Electronic Proceedings of the Sixteenth Annual International Conference on Technology in Collegiate Mathematics

Chicago, Illinois, October 30-November 2, 2003

Paper C037

The Cubic and Quartic Equations in Intermediate Algebra Courses

Josefino Villanueva

General College Division
Florida Memorial College
15800 Nw 42nd Ave
Miami, FL 33054
Phone: (305) 626-3660
Fax: (305) 626-3664

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The quadratic formula is well-known to students of intermediate algebra, but the solutions of the cubic or the quartic equations are not as familiar. Historically, however, the solutions to these equations have been known to renaissance mathematicians, and an analysis of their solutions shows that there is really not much more sophistication involved than radicals and complex numbers. Thus, these topics can be taught in our intermediate algebra courses to give our students a satisfying exercise in elementary analysis and impart an appreciation for the need for higher analysis, such as in abstract algebra. The drawback is that the closed form of their solution is rather lengthy and cumbersome that to deal with them thoroughly would take up at least two 50-minute class meetings in our already crowded syllabus in intermediate algebra. Other more practical methods would then be required.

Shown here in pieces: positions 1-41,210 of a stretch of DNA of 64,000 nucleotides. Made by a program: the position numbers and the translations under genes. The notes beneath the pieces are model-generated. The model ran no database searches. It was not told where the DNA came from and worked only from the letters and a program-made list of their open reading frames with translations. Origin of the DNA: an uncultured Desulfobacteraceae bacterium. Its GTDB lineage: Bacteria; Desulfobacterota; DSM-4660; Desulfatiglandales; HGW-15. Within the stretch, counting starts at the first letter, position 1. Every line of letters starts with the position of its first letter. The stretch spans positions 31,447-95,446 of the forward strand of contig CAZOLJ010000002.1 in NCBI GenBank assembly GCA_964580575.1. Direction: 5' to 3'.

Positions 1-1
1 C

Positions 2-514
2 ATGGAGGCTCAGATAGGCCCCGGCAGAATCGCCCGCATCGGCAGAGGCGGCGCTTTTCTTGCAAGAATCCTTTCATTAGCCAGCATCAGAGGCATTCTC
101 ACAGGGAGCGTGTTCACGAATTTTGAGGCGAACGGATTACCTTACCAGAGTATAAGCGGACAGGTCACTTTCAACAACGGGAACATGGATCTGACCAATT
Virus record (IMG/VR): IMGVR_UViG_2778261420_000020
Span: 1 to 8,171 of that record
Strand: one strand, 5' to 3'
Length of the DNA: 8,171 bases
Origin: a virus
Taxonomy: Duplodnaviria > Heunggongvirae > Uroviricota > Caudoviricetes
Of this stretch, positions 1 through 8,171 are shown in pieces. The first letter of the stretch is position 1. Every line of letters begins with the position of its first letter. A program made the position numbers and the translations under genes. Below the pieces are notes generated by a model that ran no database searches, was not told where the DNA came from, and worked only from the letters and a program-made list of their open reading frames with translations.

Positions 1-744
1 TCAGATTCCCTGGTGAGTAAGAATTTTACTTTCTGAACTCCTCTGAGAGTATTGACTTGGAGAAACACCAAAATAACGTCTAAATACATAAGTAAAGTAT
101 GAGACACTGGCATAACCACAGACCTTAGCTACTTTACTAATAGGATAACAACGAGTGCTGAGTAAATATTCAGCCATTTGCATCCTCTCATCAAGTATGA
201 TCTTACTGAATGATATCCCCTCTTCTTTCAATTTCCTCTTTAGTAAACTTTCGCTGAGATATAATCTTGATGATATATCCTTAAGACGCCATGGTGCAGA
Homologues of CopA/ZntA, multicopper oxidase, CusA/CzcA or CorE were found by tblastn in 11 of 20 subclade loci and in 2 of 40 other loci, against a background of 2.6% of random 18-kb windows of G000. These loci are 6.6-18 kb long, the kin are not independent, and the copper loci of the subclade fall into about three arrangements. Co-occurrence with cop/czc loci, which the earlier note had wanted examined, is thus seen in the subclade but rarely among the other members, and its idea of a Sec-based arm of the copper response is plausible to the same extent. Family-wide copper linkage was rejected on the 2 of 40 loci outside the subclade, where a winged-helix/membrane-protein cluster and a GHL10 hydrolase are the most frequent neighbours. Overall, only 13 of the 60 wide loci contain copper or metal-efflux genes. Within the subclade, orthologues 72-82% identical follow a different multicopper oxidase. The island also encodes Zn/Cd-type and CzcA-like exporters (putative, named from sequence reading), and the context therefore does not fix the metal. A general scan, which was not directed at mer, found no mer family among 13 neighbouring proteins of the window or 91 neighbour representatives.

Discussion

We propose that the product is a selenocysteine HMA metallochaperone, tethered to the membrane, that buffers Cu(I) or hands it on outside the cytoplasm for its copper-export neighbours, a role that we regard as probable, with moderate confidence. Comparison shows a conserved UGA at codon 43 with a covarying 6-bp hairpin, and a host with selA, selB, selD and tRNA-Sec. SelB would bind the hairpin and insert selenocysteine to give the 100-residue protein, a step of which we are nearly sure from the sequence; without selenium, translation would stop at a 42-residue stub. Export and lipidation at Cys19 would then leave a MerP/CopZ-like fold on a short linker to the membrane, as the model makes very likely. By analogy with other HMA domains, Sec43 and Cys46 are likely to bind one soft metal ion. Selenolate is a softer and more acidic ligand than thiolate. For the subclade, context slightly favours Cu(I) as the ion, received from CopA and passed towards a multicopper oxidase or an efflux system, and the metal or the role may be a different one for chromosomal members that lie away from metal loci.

This talk will first summarize the properties of the roots of the quadratic equation using the quadratic formula. This will then guide us in presenting the solution of the cubic, as was known in the 16th Century to Tartaglia, Cardano, Ferrari, and Descartes. A quick pass on the quartic will also be given. Other more practical methods of solution (such as Descartes' Rule of Signs, the Intermediate Value Theorem, the Rational Root Theorem, and other approximation techniques) will then be mentioned. Examples will be provided, as time permits. No original results are claimed, except the presentation of classical results.

Keyword(s): college algebra